Project BioEyes gives students an opportunity to experience science by growing and studying zebrafish. This hands-on style of teaching may inspire future scientists. (Kim Hairston, Baltlimore Sun video)
Peering through a microscope, 12-year-old Rykeem Manokey counted dozens of fish embryos in the petri dish.
"Normally I'm not that into science," said the seventh-grader at Francis Scott Key Elementary/Middle School in South Baltimore as he drew models of the embryos he saw. "But I get into this. It's fun."
Children learn better by doing rather than just watching, research shows, and educators hope this program, which involves students breeding and raising zebrafish over a week, will engross them enough to learn something and maybe even develop a lasting fascination with natural science.
The rapidly growing educational program called BioEYES was launched in 2002 by Steven A. Farber, a biologist whose lab at Thomas Jefferson University in Philadelphia had grown into a popular school field trip destination. He grows zebrafish in his work of understanding human diseases.
Farber said kids can't help but focus when you "plunk a fish" in front of them.
"There is something natural in children across the globe," he said. "We are innately curious about the living world around us, and we lose something when we place a screen in between. When kids are getting their hands wet and have the fate of fish embryos in their hands, they are paying attention."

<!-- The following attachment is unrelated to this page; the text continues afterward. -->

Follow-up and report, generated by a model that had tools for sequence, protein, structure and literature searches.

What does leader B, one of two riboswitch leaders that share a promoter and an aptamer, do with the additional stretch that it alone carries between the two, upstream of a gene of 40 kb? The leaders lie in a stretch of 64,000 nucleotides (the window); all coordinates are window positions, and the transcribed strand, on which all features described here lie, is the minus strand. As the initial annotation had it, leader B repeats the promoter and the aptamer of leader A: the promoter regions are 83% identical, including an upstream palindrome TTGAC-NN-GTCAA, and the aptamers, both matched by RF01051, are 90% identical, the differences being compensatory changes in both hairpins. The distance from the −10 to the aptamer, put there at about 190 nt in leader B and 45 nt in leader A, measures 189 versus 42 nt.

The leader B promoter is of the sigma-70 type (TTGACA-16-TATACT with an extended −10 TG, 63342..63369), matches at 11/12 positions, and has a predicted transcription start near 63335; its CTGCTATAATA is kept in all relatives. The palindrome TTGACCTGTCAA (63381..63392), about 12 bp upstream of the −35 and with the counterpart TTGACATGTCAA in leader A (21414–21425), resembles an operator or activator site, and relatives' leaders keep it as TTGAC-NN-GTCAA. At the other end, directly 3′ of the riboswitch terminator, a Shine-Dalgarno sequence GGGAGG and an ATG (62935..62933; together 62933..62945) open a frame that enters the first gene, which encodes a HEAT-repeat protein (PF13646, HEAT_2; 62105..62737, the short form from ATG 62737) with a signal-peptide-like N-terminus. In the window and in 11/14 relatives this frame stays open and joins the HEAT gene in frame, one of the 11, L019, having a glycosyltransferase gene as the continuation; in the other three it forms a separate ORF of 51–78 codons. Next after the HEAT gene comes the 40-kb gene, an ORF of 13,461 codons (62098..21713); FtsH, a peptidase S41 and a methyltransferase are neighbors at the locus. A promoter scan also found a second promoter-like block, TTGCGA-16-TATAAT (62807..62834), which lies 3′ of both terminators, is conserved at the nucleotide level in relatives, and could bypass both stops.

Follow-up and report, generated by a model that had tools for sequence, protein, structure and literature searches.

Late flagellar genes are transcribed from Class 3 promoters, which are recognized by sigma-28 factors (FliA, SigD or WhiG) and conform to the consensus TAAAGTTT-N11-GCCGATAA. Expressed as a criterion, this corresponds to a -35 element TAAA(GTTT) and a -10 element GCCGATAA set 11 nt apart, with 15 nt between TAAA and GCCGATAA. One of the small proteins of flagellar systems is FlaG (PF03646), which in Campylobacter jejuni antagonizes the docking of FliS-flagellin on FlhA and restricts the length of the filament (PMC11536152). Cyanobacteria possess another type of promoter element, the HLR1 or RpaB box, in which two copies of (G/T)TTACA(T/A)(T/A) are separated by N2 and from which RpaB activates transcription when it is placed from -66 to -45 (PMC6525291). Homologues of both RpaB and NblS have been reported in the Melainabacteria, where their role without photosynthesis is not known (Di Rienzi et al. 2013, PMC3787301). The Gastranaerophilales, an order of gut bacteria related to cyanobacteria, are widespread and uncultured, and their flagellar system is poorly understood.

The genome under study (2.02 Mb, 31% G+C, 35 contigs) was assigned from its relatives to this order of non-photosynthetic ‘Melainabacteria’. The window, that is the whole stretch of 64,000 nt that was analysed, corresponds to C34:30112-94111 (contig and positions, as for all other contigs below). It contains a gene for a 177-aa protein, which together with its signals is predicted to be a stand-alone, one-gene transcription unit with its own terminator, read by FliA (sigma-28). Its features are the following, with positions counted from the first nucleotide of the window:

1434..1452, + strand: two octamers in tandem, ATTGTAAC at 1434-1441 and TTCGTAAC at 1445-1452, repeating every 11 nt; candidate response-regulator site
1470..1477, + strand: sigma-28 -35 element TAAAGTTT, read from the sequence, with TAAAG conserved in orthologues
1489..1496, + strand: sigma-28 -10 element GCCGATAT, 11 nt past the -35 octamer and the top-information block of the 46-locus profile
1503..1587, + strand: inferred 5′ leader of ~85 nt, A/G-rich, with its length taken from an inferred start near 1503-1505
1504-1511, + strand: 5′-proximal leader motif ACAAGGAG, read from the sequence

He set out to change the minds of the many students who don't see themselves as scientists, particularly lower-income or minority children living in urban environments.
Farber developed the BioEYES curriculum with Jamie R. Shuda, director of life science education at the University of Pennsylvania and an adjunct associate professor at the Johns Hopkins School of Education. They took it to teachers in Philadelphia and pitched it at national science and education events.
BioEYES came to Baltimore in 2007 when Farber moved his lab to the Carnegie Institution for Science in Washington, D.C., and partnered with the Johns Hopkins School of Education.
Urban teachers and principals now routinely seek out the program, which has been spreading as fast as organizers can plan and raise funds. (BioEYES costs about $30 per student.) BioEYES sends educators to help in the classroom before preparing local instructors to handle the lessons on their own.
More than 100,000 kids have gone through the program in such cities as South Bend, Ind.; Salt Lake City, Utah; and Melbourne, Australia. Some students participate in subsequent grades, using more advanced curriculums.
A recent study led by Farber suggests the program succeeds in getting gets students excited about science and helping them understand some tough principles about life cycles and genetics in the short term. The study showed the students also retained what they learned.
Farber believes students can stay motivated when individual teachers continue using hands-on styles of teaching. BioEYES offers some other ideas beyond the zebrafish.